The collation of cancer incidence data at cancer registries is a complex process which includes vetting data from numerous sources. The cancer registry processes ensure good quality data but to achieve this quality, a significant time lag between cancer diagnosis and finalisation of an incident case in the cancer registry transpires. Once data are supplied to the AIHW, cancer diagnoses which have been reported to more than one jurisdiction are identified and the data adjusted accordingly. This ensures a high quality national cancer incidence dataset. The time from cancer diagnosis to availability at the national level is approximately three years.

Accessibility:Help on this term

Previously, the AIHW with the assistance of the AACR and funding from Cancer Australia has published survival data in Cancer survival and prevalence in Australia: cancers diagnosed from 1982 to 2004. This report is available on the AIHW website where it can be downloaded and printed without charge. Hard copies are also available for purchase from the AIHW. The AIHW is also planning to publish a new survival report in 2012, containing the latest survival data, which can be accessed both in electronic and hard copy.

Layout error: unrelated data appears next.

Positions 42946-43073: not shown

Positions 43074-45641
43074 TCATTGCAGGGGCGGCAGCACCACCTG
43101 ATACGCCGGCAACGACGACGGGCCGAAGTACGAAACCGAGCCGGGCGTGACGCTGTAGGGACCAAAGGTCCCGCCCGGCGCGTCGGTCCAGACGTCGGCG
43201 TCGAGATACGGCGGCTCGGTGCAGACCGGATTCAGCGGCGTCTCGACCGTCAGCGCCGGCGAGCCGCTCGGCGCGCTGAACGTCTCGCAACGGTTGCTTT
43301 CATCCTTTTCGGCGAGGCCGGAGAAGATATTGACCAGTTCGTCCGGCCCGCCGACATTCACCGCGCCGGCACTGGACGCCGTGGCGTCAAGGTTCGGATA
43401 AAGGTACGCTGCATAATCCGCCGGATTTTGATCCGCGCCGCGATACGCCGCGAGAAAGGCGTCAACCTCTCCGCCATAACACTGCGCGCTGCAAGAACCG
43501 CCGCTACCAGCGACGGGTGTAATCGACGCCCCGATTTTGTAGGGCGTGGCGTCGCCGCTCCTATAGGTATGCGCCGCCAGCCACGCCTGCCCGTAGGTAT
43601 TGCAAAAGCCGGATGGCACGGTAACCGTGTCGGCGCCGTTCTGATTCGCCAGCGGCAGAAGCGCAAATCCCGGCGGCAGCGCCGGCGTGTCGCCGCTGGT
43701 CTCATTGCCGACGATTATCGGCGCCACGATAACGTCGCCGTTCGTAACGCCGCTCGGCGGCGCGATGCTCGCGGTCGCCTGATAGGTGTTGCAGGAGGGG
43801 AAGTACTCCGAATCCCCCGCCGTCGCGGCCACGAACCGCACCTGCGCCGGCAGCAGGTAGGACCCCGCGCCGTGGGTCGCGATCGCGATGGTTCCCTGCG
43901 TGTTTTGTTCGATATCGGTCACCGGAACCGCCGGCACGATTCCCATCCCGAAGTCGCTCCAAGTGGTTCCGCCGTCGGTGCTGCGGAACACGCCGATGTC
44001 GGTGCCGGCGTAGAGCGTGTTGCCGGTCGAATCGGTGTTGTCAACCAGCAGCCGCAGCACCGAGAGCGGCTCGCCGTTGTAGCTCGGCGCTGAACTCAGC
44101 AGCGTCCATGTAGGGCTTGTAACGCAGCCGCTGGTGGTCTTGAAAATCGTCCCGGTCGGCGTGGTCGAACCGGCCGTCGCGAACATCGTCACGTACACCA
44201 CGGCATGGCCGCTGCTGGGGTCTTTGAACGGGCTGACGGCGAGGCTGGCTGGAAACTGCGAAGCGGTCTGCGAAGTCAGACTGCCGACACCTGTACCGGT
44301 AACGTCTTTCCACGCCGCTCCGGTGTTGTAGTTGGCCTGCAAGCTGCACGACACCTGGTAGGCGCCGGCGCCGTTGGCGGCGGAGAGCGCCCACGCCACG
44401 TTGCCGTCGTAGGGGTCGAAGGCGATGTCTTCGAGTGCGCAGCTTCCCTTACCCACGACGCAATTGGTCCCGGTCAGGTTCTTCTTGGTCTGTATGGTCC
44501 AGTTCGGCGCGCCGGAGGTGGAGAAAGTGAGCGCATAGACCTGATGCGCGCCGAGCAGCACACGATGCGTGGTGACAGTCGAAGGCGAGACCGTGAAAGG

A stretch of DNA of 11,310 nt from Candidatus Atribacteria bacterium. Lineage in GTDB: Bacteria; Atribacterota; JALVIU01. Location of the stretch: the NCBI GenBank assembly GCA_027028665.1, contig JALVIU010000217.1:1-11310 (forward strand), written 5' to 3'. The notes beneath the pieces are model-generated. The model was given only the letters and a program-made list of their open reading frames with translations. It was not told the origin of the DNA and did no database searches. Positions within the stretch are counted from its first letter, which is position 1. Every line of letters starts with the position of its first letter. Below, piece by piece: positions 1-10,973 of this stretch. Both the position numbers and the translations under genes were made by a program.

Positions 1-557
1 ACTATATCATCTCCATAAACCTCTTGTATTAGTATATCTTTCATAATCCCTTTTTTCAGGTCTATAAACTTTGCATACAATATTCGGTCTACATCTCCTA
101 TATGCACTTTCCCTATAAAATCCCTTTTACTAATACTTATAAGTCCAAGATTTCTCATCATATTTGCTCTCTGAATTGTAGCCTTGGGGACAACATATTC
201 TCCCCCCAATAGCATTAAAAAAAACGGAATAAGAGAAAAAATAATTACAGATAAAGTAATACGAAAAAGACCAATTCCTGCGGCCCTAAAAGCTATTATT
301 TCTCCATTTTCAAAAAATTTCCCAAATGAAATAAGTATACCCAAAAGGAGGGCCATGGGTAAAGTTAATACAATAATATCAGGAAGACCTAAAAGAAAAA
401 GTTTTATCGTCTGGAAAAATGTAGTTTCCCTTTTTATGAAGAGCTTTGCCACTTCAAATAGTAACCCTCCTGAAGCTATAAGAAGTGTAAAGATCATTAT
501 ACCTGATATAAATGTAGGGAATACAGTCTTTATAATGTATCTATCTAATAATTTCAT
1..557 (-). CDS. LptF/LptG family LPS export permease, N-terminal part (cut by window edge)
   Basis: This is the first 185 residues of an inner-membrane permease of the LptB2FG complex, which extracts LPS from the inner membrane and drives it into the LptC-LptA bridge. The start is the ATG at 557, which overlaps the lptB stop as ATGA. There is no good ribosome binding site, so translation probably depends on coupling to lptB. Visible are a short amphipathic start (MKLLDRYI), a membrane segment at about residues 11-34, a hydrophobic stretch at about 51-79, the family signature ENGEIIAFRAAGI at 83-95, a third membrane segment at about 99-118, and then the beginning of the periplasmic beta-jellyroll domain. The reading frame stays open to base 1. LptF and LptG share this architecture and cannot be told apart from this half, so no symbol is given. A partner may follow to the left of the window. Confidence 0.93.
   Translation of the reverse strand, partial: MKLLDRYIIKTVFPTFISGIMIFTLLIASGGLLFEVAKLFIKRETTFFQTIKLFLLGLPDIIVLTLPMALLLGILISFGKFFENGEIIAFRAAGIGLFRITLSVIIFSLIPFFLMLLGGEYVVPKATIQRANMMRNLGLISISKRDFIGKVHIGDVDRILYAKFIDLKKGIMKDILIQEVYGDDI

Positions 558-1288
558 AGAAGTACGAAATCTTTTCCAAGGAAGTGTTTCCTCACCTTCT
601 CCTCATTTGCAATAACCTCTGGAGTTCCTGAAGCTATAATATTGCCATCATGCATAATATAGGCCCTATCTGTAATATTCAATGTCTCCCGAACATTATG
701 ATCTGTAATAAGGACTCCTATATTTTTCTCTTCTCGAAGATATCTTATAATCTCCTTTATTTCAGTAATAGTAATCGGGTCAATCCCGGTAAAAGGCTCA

Interpretability:Help on this term

Calculation of relative survival is complex and the concept may be confusing to some users. Information on how relative survival has been calculated and how to interpret it is available in the publication Cancer survival and prevalence in Australia: cancers diagnosed from 1982 to 2004. Information on all of the AIHW held data sets (ACD, NMD & NDI) is available on the AIHW website. Information on ABS data is available on the ABS website. Extensive information is also available on cancer coding and interpretation of cancer data both electronically and in hard copy.

Relevance:Help on this term

The data used to calculate this PI at the national level are of high quality. While it is possible to calculate relative survival using different methods, the method used to calculate the indicator this year is adequate for reporting against the indicator at the national level.

Accuracy:Help on this term